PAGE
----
At this year’s Cantech Investment Conference in Toronto (January 29 to 30), tech companies from an array of sectors converged to showcase their latest innovations and to woo potential investors.
One recurrent theme from the technology investment showcase was the connection between tech and the cannabis industry. From vape technology that can reorder cartridges when the user is running low, to tracing the travels of marijuana strains, the cannabis industry was front and center.
The Investing News Network (INN) sat down with Prad Sekar, CEO of CB2 Insights, to discuss the future of the company’s cannabis management technology. Sekar has spent the last several months preparing the company to go public, increasing its brand awareness and reach.
Watch the interview above or read the transcript below to learn more about CB2 Insights’ plans to go public and what else the company has been working on.
INN: For investors who aren’t familiar with CB2 Insights, could you explain a little bit about your company?
Prad Sekar: Sure. We like to think of ourselves as building a data asset in the medical cannabis sector. Cannabis in our perspective has the potential to be mainstreamed into healthcare. But like anything else, if you want to play in the same sandbox as the healthcare technology platforms or medication platforms out there, you need to be taken under the same level of seriousness and have the same rigor apply to you.
Clinical trials in cannabis are still years away, and generally that’s the most — the highest-quality data that’s out there when it comes to educating the medical community and having cannabis accepted as a form of treatment. For many years, cannabis has always relied on anecdotal data, so effectively the way we see our business is filling that space one step beyond anecdotal data in a term [that] is more well known as real-world evidence. It’s effectively looking at alternative forms of traditional clinical trials in a more real-world setting. So in a clinical setting, for example, and looking at the data that comes out those interactions between the patients and their healthcare practitioners and their medications and their pharmacies, and using that data to basically backfill a lot of the data that currently could come out in a few years from now through more randomized clinical trials and traditional clinical studies.
Something relatively new, but has an entire framework built around it. So the US FDA actually released their frameworks for real-world evidence last year, and something that is starting to be taken more seriously as a way that data aggregation and the more big pharma space. So from our perspective looking at cannabis, we see cannabis eventually filling into that kind of a role and it’s important for us to make sure that the business we’re building is very much focused on that data asset.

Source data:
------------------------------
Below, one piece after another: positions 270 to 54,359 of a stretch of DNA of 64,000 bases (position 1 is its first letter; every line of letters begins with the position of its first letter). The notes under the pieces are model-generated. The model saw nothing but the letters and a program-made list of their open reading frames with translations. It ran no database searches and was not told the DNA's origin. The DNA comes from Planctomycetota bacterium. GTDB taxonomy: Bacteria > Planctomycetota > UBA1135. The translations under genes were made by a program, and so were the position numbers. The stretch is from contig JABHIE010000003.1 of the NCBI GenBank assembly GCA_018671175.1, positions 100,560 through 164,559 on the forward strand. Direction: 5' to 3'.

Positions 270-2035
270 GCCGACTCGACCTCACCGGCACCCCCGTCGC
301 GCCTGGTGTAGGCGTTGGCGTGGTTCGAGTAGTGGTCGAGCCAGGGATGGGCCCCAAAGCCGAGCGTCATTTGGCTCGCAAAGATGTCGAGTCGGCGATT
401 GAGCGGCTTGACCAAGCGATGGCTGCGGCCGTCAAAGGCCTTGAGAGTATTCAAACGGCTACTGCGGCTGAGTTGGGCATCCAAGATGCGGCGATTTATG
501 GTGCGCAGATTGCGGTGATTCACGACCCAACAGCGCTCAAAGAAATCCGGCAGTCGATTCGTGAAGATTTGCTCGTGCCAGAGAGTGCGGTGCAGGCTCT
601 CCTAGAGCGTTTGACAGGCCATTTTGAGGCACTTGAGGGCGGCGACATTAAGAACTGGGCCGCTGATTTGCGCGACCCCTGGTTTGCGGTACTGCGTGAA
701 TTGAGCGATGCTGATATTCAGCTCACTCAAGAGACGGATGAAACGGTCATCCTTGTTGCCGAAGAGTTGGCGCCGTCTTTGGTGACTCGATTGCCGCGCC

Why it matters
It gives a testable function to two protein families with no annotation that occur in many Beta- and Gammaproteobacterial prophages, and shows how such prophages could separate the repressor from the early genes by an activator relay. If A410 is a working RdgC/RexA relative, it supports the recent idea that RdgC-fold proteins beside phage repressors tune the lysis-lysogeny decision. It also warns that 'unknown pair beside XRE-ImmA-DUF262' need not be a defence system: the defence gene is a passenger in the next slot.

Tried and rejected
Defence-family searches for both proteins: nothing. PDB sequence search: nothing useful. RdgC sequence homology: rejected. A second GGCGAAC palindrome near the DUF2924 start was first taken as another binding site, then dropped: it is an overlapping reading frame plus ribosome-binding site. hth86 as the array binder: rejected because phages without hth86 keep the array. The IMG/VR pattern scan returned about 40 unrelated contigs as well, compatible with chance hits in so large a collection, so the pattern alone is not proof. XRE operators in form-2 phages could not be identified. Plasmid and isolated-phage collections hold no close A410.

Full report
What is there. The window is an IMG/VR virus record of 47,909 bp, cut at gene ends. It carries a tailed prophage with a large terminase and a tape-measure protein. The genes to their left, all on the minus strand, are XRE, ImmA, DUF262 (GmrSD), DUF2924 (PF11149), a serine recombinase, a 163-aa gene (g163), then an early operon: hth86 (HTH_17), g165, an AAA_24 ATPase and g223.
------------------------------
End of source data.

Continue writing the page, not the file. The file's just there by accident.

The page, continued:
Just as a side note as well, the reason we started this thing was because our previous work in the primary care space has had us work with a lot of physicians and primary care doctors. And current stats would show that less than 20 percent of doctors write a prescription for cannabis today in a market as mature as Canada even though we’ve had federal legalization come into play. And even among that number of 20 percent, I’d say less than 5 percent of that number writes an active prescription, which you could probably say is more than one patient. And so you’ve effectively got 5 percent of doctors writing 80 percent of the prescriptions in the country when there’s an opportunity to truly educate, empower and create a much wider net of access for patients in the space.
INN: In your latest announcement you talk about the correlation between cannabis use and depression and anxiety. Could you explain a little bit about that?
PS: Yeah. So again — the value of what we’re trying to build is real-world evidence, so part of our business model is to entrust in the date we collect as we own and we operate our own medical centers that specialize in cannabinoid therapy. So the US is where we’re predominantly focused, we have 28 clinics across 12 states, we see about 65,000 patients a year. So hypothetically we could always have a certain target hypothesis we’re looking to do a test or a study on, but generally we’re looking at more observational data, we’re looking at seeing general trends that we’re identifying through various patient encounters, interactions.
And there was an interesting report that came out of an insight because if we look at the way the states are setting up their cannabis protocols and what conditions they’re allowing for acceptance into the medical cannabis program. And the majority of states don’t include mood disorders as part of their acceptance criteria. Now there’s data that suggests that perhaps cannabis has an impact on patients with mood disorders, but again I think it’s an opportunity for education and for delving deeper into the research.
And what we identified is while chronic pain continues to be the number one forefront for the use of cannabis, mood disorders is actually from our data sets that we’ve identified, the more sought-out ailment by patients when they come in into any of our educational centers. And so that’s part of where we intend and to try to fill the industry and are trying to identify some of those deep-rooted analyses that typically can’t be uncovered unless you’re looking at those interactions between patients and healthcare practitioners. But the kind of data that can really help set better regulations, better acceptance protocols, better guidelines and better outcomes effectively.
INN: Do you have plans to open up any new shops in Canada?
PS: So we are a Canadian company, we are located here in Toronto so it would be — it is something that we initially had were clinical sites in Canada; however, from a business model perspective and more so from a operational model perspective, the US is just a much larger market. It represents the largest mature medical cannabis market today, and the opportunity for growth is significantly large.